Exactly 300 years ago, the inventor of the modern media money-making model was born: Samuel Johnson. An impecunious journalist, Johnson hit on the idea of selling sponsorships to his famous dictionary to support him as he worked on it. Johnson's patrons included both of the groups that underwrite media to this day: people who wanted the work itself (subscribers) and people who wanted the attention of subscribers (advertisers).
For three centuries, that model paid for what we now call media. But every time new media burst on the scene, contemporary observers seem to have difficulty identifying their moneymaking potential because they’re different from reigning media.
For example, take this reflection on television's advertising potential in The New York Times’ May 2, 1946, "Advertising News and Notes" column:
"Unlike radio, with a potential audience for most of the day and far into the night, television's most critical problem is audience saturation point, Samuel H. Cuff, general manager of DuMont Television station WABD, declared yesterday, "because the housewife can't sit in front of a screen all day and discharge housewifely duties at the same time."
I'm sure Samuel Johnson's friends couldn't figure out why anyone would pay money — in advance, no less — just to have people read their names in the pages of a book that hadn't even been written, much less published.
Likewise, mobile TV Detractors dismiss it by pointing to small screens, less-than-optimal video quality and the myriad of video options available via the Web. And those are all potential showstoppers if you insist on seeing mobile TV as television or the Web.
Industry analyst Jeffrey Miller talks about mobile marketing and participation media in this video from the Mobile Marketing Forum.
However antique the notion of the homemaker going about her "housewifely duties," further on, the story offers some not-so-antique insight, "Charles J. Durban, assistant advertising director of the United States Rubber Company, termed television 'the most effective medium that has come along.' Through it, he said, manufacturers can show their products in actual use, a tremendous advantage over other media."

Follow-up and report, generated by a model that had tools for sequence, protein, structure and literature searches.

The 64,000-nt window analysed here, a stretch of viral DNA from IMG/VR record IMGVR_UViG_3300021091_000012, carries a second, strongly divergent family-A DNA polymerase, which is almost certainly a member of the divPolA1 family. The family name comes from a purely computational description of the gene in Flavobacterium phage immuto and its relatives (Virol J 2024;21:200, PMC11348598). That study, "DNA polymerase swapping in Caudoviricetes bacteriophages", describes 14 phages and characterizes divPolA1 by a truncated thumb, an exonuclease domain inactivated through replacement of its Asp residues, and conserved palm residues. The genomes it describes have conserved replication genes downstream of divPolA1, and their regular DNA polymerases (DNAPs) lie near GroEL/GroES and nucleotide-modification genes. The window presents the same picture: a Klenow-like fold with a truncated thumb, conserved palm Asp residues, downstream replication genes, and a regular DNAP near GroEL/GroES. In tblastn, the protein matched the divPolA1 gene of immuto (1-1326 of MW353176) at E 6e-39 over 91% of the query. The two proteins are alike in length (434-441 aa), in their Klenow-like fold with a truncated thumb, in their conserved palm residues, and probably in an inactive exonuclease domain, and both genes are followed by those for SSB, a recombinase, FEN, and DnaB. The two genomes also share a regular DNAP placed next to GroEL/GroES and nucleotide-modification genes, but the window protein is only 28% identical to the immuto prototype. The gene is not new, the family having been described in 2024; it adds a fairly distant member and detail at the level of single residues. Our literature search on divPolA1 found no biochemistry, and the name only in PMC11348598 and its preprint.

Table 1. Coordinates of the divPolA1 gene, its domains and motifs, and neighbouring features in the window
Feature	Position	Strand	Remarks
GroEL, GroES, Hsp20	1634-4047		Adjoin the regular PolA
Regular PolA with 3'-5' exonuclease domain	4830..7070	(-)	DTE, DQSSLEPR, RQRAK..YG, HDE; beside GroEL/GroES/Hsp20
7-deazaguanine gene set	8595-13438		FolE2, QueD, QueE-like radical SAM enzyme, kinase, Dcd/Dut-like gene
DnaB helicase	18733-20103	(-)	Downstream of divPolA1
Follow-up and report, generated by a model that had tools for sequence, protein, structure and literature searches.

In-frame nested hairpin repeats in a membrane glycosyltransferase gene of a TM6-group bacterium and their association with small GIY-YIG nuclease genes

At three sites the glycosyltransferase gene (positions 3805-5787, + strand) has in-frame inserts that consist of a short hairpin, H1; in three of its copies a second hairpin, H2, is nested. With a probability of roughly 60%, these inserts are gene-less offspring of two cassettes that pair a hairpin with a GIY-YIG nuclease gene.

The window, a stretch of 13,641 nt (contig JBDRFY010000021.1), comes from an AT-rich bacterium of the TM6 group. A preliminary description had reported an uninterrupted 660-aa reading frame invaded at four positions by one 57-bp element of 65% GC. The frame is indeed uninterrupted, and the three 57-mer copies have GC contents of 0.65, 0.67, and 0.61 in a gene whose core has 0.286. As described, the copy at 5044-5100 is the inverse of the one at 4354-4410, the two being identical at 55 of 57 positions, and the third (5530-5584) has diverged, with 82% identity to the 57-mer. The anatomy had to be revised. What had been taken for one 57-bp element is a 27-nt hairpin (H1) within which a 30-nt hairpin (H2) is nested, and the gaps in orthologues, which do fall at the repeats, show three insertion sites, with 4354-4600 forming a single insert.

Sixty years later, the demonstration ad, and its close relative the infomercial, remains a TV staple because it takes advantage of the medium's unique characteristics.
So, what's the comparable quality for mobile TV? It's mobile TV's two-way channel that can tell advertisers definitively who's watching, and where and when they watch. A new Gartner Group report, "Mobile Advertising Grows Quietly," says that the growing pervasiveness of GPS technology is boosting location-based targeting. Because it requires no personal information, consumers are more likely to accept location-based ads using GPS.
Juniper Research's Windsor Holden predicts that total annual ad spending on mobile services will top $6 billion by 2014. While impressive, it should be pointed out that $6 billion represents just 1.2 percent of total global ad spending.
Just being present on the mobile device appears to pay dividends. The research firm Parks Associates reported in 2008 that traffic to Omni Hotels’ mobile site increased 85 percent in six months, delivering a 25 percent ROI, and that mobile conversion rates far exceed the company’s online Web site. Mobile advertising platform company Admob reinforces that with statistics showing that mobile campaigns significantly outperform online campaigns at least fourfold.
People also watch mobile TV at different times than they do fixed TV — while commuting, traveling, sitting in a waiting room, etc.. The fact that phones are usually near their owners, even times when you're not watching, also can provide opportunities for advertisers.
This offers interesting opportunities for personalized ads. Suppose, for example, on the commute home, our 2009 equivalent of that 1946 homemaker watches Rachel Ray prepare a "dinner in 15 minutes" recipe and stops by the grocery store. That's a perfect place for a maker of the ingredients in Ray's recipe to show the recipe and a shopping list — even better, a map of those ingredients in the store.
"The combined reach and interactivity of a TV-mobile call to action has all the hooks an advertiser wants — action, accountability and allegiance," wrote media analyst Jeffrey R. Miller in Mobile Marketer's "Classic Guide to Mobile Advertising." Miller, principal at JRMill3r.com and former president of market development at interactive TV company Telescope, writes that mobile TV's attractiveness to advertisers includes:
Taking advantage of these opportunities, however, means that mobile TV advertising must get a whole lot smarter than its online cousin. If I'm in the supermarket at 5:45 p.m. considering whether to make dinner or get Chinese takeout, I don't want to see 75 slow-cooker recipes or the aisle map of a supermarket in Santa Clara, UT, instead of Santa Clara, CA. And if I see another Clorox ad on AMC's “Mad Men” on demand, I promise to make dingy white my hallmark and never buy bleach again.